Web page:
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The timing chain tensioner is at the back of the engine, passenger side, right next to the serpentine belt tensioner strut, below the valve cover. It's held onto the engine block by 2 x 10 mm nuts. This is a popular spot for small leak in the 2ZZ engine, 1 drop a day would foul the driveway. So I wanted to fix it.
With 10 mm ratcheting wrench I took out the 2 nuts. Pulled the tensioner out, but it ran into the bracket of the belt tensioner strut, and would not come out all the way.

I loosened the 17 mm nut that holds the bracket to the engine block with a flat racheting wrench with another wrench extension at the end for leverage. This bolt was hard. I backed the bolt out only 2 to 3 mm, being careful to leave enough clearance with the engine bay to remove the wrench and reverse it for the tightening step. Later model years (2002-2005) may have had a new bracket design which does not interfere with the timing tensioner, and it can be removed quiclly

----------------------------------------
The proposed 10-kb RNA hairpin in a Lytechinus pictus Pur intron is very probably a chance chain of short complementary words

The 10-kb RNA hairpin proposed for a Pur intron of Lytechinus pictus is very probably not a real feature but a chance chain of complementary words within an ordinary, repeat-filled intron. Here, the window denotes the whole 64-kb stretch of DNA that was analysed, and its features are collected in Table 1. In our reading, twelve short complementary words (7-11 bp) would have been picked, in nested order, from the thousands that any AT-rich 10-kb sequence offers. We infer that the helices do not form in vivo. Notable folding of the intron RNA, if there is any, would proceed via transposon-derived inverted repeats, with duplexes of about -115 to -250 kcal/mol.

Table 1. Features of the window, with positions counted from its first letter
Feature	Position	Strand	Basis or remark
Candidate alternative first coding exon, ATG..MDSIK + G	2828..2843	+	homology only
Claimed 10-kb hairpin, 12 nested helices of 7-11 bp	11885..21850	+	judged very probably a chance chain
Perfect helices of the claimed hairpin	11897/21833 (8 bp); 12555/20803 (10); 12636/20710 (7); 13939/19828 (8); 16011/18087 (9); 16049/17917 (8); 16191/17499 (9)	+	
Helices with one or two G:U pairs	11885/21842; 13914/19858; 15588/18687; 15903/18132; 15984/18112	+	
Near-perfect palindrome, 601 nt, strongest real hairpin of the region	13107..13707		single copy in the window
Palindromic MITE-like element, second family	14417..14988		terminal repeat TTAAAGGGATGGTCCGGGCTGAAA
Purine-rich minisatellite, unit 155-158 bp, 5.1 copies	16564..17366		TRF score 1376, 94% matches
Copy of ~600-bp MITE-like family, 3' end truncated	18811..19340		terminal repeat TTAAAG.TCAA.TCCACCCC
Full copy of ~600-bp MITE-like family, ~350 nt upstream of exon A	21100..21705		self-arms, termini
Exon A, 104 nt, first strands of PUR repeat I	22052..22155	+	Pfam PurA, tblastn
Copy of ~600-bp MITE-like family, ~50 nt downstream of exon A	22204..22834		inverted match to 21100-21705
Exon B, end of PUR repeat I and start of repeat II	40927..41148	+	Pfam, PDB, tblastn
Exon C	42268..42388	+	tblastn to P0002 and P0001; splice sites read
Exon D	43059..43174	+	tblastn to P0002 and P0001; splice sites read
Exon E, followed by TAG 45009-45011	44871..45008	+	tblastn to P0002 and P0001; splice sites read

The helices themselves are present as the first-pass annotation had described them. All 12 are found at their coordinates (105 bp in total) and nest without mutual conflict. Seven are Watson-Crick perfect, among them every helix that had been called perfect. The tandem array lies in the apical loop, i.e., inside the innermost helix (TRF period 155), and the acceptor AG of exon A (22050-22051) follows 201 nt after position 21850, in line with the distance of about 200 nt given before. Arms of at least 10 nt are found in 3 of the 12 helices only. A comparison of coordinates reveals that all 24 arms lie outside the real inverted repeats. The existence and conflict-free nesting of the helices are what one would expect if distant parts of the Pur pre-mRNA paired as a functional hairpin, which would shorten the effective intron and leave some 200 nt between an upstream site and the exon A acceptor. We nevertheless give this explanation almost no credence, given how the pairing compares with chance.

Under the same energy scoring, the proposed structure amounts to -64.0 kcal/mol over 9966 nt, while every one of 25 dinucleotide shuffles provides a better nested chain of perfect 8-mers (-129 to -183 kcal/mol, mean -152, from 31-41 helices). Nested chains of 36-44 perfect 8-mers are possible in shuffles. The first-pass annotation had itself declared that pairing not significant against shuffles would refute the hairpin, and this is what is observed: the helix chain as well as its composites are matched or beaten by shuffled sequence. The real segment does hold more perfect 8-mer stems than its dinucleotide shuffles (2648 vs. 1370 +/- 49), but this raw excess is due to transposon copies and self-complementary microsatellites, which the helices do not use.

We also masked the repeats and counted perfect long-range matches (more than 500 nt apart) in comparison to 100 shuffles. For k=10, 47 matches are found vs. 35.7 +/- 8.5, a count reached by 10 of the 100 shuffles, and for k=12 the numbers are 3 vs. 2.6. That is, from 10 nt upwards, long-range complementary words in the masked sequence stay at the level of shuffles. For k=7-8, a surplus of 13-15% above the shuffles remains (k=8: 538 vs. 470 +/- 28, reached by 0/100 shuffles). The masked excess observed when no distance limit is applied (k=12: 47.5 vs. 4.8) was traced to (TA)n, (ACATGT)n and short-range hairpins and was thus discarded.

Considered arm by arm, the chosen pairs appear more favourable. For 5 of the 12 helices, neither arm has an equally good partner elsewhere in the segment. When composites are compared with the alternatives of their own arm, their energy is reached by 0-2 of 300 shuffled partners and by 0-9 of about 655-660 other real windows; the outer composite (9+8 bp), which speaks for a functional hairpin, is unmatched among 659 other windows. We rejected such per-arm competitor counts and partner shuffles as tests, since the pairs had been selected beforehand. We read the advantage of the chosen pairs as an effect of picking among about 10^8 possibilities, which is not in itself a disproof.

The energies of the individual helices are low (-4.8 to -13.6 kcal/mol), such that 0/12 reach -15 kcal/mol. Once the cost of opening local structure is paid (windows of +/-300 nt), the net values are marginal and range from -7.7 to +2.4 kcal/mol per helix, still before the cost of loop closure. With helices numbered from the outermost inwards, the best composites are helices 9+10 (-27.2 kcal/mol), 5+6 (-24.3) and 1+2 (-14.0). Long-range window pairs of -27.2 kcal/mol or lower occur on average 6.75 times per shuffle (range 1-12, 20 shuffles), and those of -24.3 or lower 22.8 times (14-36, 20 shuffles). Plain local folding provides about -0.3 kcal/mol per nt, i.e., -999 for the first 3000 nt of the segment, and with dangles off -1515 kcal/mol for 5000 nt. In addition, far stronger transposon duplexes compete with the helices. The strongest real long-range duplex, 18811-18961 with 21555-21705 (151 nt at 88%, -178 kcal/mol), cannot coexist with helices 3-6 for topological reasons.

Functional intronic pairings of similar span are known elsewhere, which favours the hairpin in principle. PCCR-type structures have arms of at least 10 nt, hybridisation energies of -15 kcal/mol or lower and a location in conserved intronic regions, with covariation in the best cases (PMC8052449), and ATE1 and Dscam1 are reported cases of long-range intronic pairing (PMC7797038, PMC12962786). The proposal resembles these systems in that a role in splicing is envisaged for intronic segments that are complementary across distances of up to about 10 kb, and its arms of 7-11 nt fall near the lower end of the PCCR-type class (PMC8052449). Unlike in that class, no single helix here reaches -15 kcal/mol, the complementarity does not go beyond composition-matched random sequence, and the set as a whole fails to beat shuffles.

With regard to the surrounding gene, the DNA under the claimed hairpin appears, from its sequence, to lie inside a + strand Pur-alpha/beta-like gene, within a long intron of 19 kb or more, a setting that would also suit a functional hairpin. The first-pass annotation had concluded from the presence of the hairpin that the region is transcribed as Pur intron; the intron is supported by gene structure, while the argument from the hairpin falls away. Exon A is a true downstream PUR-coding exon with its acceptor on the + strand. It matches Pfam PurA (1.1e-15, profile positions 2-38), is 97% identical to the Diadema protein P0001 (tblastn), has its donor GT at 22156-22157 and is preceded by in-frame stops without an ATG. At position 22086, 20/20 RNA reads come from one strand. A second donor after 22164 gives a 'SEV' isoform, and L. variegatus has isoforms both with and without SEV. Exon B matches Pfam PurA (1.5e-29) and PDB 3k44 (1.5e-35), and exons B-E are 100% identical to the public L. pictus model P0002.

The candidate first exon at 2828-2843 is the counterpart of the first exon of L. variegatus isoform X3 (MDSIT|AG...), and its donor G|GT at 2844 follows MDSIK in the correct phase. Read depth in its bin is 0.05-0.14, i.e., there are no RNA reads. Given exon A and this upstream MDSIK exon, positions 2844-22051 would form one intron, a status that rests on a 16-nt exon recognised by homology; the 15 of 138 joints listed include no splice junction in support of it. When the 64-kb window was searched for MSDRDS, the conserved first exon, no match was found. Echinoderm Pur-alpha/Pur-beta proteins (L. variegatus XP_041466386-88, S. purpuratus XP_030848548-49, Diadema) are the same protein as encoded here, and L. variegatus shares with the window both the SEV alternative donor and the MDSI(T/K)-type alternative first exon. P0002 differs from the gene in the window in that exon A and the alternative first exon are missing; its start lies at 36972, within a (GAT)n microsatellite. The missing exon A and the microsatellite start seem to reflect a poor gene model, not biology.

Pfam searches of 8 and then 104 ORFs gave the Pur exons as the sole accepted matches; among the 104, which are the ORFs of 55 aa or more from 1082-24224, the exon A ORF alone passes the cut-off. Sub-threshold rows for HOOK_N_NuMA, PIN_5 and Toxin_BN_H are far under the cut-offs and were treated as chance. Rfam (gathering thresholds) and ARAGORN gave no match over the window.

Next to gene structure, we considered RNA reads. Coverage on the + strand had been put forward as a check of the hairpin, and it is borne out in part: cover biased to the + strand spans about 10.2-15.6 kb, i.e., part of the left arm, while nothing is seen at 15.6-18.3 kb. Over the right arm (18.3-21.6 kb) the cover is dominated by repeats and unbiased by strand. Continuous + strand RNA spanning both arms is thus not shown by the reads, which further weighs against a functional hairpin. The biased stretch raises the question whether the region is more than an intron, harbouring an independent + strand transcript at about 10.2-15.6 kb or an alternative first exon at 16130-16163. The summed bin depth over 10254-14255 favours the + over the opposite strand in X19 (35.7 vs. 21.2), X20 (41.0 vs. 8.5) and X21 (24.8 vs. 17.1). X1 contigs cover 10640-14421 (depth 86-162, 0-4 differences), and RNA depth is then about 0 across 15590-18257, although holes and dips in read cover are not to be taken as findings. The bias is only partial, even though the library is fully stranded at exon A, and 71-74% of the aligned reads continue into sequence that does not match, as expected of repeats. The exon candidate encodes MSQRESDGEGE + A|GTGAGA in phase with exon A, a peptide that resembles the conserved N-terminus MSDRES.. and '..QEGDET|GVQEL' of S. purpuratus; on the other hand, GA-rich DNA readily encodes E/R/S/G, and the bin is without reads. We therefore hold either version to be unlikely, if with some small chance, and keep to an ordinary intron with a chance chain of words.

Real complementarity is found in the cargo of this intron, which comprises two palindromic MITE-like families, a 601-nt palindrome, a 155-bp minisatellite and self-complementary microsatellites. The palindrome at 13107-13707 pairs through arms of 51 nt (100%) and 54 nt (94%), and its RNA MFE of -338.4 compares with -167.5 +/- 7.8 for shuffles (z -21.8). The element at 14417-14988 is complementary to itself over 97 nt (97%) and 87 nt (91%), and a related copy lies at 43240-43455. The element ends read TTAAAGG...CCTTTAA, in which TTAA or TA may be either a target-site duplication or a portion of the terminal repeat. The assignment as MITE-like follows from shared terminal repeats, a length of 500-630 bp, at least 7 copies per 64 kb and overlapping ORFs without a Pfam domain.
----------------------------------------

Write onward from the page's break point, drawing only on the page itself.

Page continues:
With the bolt backed out, the bracket neede to be prided out with the tire iron or a long flat head screwdriver. Gave it a couple knocks. The timing chain tensioner cleared the bracket and popped out. I compressed the plunger and locked it in place, put a new O ring on the tensioner cylinder, rubbed a little grease on it to make sure it seats flush. I added RTV sealant at the base of the cylinder to double seal the cavity. Inserted the cylinder back into the cavity and tightened the 2 x10 mm nuts. Be careful not to overtorque as you can strip the Aluminum studs.

Tightened the 17 mm mounting bolt back into the engine block.

Checked to make sure serpentine belt is on correctly, chain tensioner seated properly ect.

Jigger the engine by quickly turning on and off ignition key. That should release the plunger to open out and press against the timing chain. Jigger the engine a couple times to make sure the timing belt was in correct position with tension.

Turn on ignititon and listen to any noise from the timing chain. If chattering, timing belt may have jumped teeth on cam shafts. Turn off engine and plan to do a timing belt assembly, but this is very unlikely because you have not touched or removed the timing chain. Just be careful and check as it could damage pistons and valves. If timing chain sounds normal then the tensioner is good.
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